In the third set, the Americans really began to gel, playing solid tennis and making the Spanish work for every point. The Spanish were able to save two break points on the Verdasco serve at 4-5 but, on the third, Lopez hit a return just wide but Bryan hit it anyway, a winner down the line to finish the point. Fish held serve to give the Americans a two-sets to one lead.The traditional Bryan bump was adapted to a sort of Mardy/Mike twist bump that made its first outing in this set, never to be seen again.

Grabbing the momentum with both hands, the Americans broke Lopez in the first game to take a 1-0 lead but they were not able to hold on, with the Spanish breaking Mike Bryan in the eighth game to get back on serve. At 4-5, Fish served to stay in the set, saving five break points before the Spanish were able to capitalise and level the match at two-sets all.

Vital Break For USA

Verdasco served first to open the set, saving three break points and squandering two game points before a Lopez winner gave the Spanish a 1-0 lead in the set. The set went with serve until it was Verdasco’s turn again and he was broken to give the Americans the lead. Fish struggled on his serve but held on for 4-2 then Lopez held serve easily for 4-3. Bryan held serve for 5-3 and then Verdasco, who had struggled in his last two service games, needed to hold serve if Spain were to have a chance of victory in today’s doubles. If he was nervous, the Spaniard didn’t show it and forced Fish to serve for the match at 5-4. The American had a comfortable service game, converting the first match point to win the match and keep American hopes alive.

“It means the world to me,” added Fish who played on the losing side in the 2004 Final against Spain in Seville. “Davis Cup is a huge thing. I’ve been waiting four years for this.”

“Nobody can say that our players don’t play their guts out when they are playing for their country,” said US captain Patrick McEnroe. “This is a big shot of adrenalin going into Sunday. We lost two heartbreakers yesterday, won a close one today against a great team. We will take our chances, play aggressively when we can and see what happens.”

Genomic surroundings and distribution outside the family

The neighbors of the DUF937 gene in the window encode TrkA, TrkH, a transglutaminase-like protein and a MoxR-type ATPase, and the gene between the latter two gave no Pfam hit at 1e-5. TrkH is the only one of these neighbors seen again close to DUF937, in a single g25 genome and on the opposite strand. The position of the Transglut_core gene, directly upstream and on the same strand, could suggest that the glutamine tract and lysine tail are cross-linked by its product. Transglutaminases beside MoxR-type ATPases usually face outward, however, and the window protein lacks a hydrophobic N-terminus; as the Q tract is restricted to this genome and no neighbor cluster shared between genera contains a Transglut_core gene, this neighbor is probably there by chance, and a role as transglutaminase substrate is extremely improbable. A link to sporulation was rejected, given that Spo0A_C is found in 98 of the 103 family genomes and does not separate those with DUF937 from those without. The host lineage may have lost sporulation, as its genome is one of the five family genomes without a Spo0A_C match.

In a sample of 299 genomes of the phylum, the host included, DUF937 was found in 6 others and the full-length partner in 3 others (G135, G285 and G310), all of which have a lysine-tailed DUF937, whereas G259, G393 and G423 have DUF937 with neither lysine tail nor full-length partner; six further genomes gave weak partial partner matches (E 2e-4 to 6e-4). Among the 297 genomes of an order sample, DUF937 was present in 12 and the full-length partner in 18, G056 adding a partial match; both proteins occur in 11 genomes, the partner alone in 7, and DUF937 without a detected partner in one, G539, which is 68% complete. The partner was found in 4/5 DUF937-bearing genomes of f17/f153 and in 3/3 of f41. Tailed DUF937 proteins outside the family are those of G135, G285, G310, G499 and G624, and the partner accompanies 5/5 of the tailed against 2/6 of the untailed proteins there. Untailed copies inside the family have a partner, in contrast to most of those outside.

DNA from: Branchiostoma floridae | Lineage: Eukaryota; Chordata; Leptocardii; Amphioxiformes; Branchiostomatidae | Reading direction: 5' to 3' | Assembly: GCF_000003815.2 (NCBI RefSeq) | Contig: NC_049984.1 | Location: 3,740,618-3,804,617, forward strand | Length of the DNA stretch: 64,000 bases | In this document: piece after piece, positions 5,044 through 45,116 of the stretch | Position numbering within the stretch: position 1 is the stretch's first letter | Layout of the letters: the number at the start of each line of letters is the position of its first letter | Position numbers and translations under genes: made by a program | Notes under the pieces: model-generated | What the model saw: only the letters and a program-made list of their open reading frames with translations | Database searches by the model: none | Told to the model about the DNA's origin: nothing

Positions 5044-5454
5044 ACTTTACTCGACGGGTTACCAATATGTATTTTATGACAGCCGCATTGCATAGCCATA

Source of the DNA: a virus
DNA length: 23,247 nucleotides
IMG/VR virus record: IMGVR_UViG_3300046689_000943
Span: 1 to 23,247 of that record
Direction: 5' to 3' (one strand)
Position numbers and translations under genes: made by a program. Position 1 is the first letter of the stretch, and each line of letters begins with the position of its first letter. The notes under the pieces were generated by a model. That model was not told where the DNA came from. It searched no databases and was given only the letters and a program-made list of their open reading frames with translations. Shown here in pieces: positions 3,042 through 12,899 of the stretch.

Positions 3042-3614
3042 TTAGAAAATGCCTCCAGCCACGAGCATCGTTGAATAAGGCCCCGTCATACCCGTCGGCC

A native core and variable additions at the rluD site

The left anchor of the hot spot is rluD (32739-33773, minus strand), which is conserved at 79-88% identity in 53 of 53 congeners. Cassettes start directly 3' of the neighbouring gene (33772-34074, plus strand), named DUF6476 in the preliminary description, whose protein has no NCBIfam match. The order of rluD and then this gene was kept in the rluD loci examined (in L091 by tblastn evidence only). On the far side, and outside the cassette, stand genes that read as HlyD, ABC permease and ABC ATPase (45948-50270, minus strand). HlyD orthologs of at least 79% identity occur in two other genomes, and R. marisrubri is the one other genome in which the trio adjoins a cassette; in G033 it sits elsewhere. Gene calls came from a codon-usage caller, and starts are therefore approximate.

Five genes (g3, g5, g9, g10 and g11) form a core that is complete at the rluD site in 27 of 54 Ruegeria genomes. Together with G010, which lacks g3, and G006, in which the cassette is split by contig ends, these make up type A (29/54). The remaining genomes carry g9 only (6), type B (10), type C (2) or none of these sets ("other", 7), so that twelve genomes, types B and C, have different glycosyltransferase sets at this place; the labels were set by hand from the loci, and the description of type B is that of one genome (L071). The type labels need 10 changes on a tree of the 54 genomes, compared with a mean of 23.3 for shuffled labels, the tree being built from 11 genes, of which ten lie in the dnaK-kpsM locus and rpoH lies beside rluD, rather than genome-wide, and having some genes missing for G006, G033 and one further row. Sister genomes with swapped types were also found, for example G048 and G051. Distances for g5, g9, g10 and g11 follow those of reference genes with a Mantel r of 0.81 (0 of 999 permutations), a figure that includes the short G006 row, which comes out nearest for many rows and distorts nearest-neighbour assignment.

Nadal Vs. Roddick Tomorrow

Celebrations on the American bench and the prospect of a Nadal-Roddick opener tomorrow tantalised the crowd at Las Ventas who are excited about another day of live tennis. All three of the matches played so far have registered just over 3 hrs. 15 minutes on the Rolex clocks on court and tomorrow’s could also be a long one with the Madrid altitude helping a big server like Roddick, even against a player with the clay court prowess of Nadal.

Asked if he was worried about the crowd tomorrow, McEnroe said: “Rafael Nadal worries me a lot, more than the crowd. He’s the best clay court player in the world. Andy played a tough match against David Ferrer. He got a bit frustrated, losing his serve at 6-6 in the fifth. He’s a competitor who wants to win. I’m not worried. Andy knows what he has to do. He has been in this position before.”

“The crowd behaved well. We can’t complain. This is normal in Davis Cup,” said Spanish captain Emilio Sanchez. “If I were Andy Roddick, I would be concentrating on facing Nadal. If he is worried about the crowd, he won’t be playing his best tennis.”

Photo Paul Zimmer

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I'm An Optimist, Perhaps Saturday Will Be Better...USA Davis Cup Team Down 0-2

Friday, September 19, 2008

David Ferrer completed the first day’s work for Spain by defeating USA’s Andy Roddick 76(5) 26 16 64 86 in 3 hours, 17 minutes to give Spain a 2-0 lead in the 2008 Davis Cup by BNP Paribas Semifinal at the Plaza de Toros Las Ventas in Madrid. Ferrer was supported by an enthusiastic and energetic crowd of mostly Spanish fans who had turned up at noon to watch world No. 1 Rafael Nadal win the first point for Spain.

By any reckoning Andy Roddick is a big occasion man, regularly gracing centre courts of the Grand Slam tournaments, year-end championships and, of course, two Davis Cup Finals. But he committed an uncharacteristic number of unforced errors (54) and was only able to convert six of 13 break point opportunities against the Spaniard. Roddick is definitely the one to beat on the American team and, with a 29-9 Davis Cup record, beating him in this competition is never easy but Ferrer, who was able to convert three of four break point chances, rose to the occasion.

After the tense and emotional victory by world No. 1 Rafael Nadal over Davis Cup first-timer Sam Querrey, the crowd in the 21,000 seat Plaza de Toros Las Ventas, including Prince Felipe of Spain, might have been forgiven for being a little flat but instead the atmosphere was celebratory and good-natured as Spain’s No. 2 Ferrer whose Davis Cup experience at 4-2 was considerably less than Roddick’s.

Roddick In Great Form

The American was surely buoyed by the fight that Querrey staged against Nadal (whom Roddick will face in Sunday’s reverse singles) but Ferrer, who had defeated his opponent in three of their five previous meetings, looked confident and comfortable in the opening set, forcing a tiebreak where he capitalised on a Roddick forehand error at 6-5 to win the opening set.

In the second set, Roddick hit an outstanding forehand winner crosscourt at 15-40 to break Ferrer for a 3-2 lead and broke again for a 5-2 lead before securing the second set with an ace 6-2.

Roddick rolled over Ferrer in the third 6-1 and it looked like a certain American victory but the Spanish No. 2 had other ideas, getting an early break in the fourth from a series of unforced errors by Roddick. Ferrer held on to the lead, converting his first set point opportunity with a forehand winner to level the match at two sets all.

“At no point did I think all was lost,” said Ferrer. “I always thought I had a chance if I hung in there. He was serving very well in the second and third set and I was missing a lot of opportunities.”

Spanish Fans Get behind Ferrer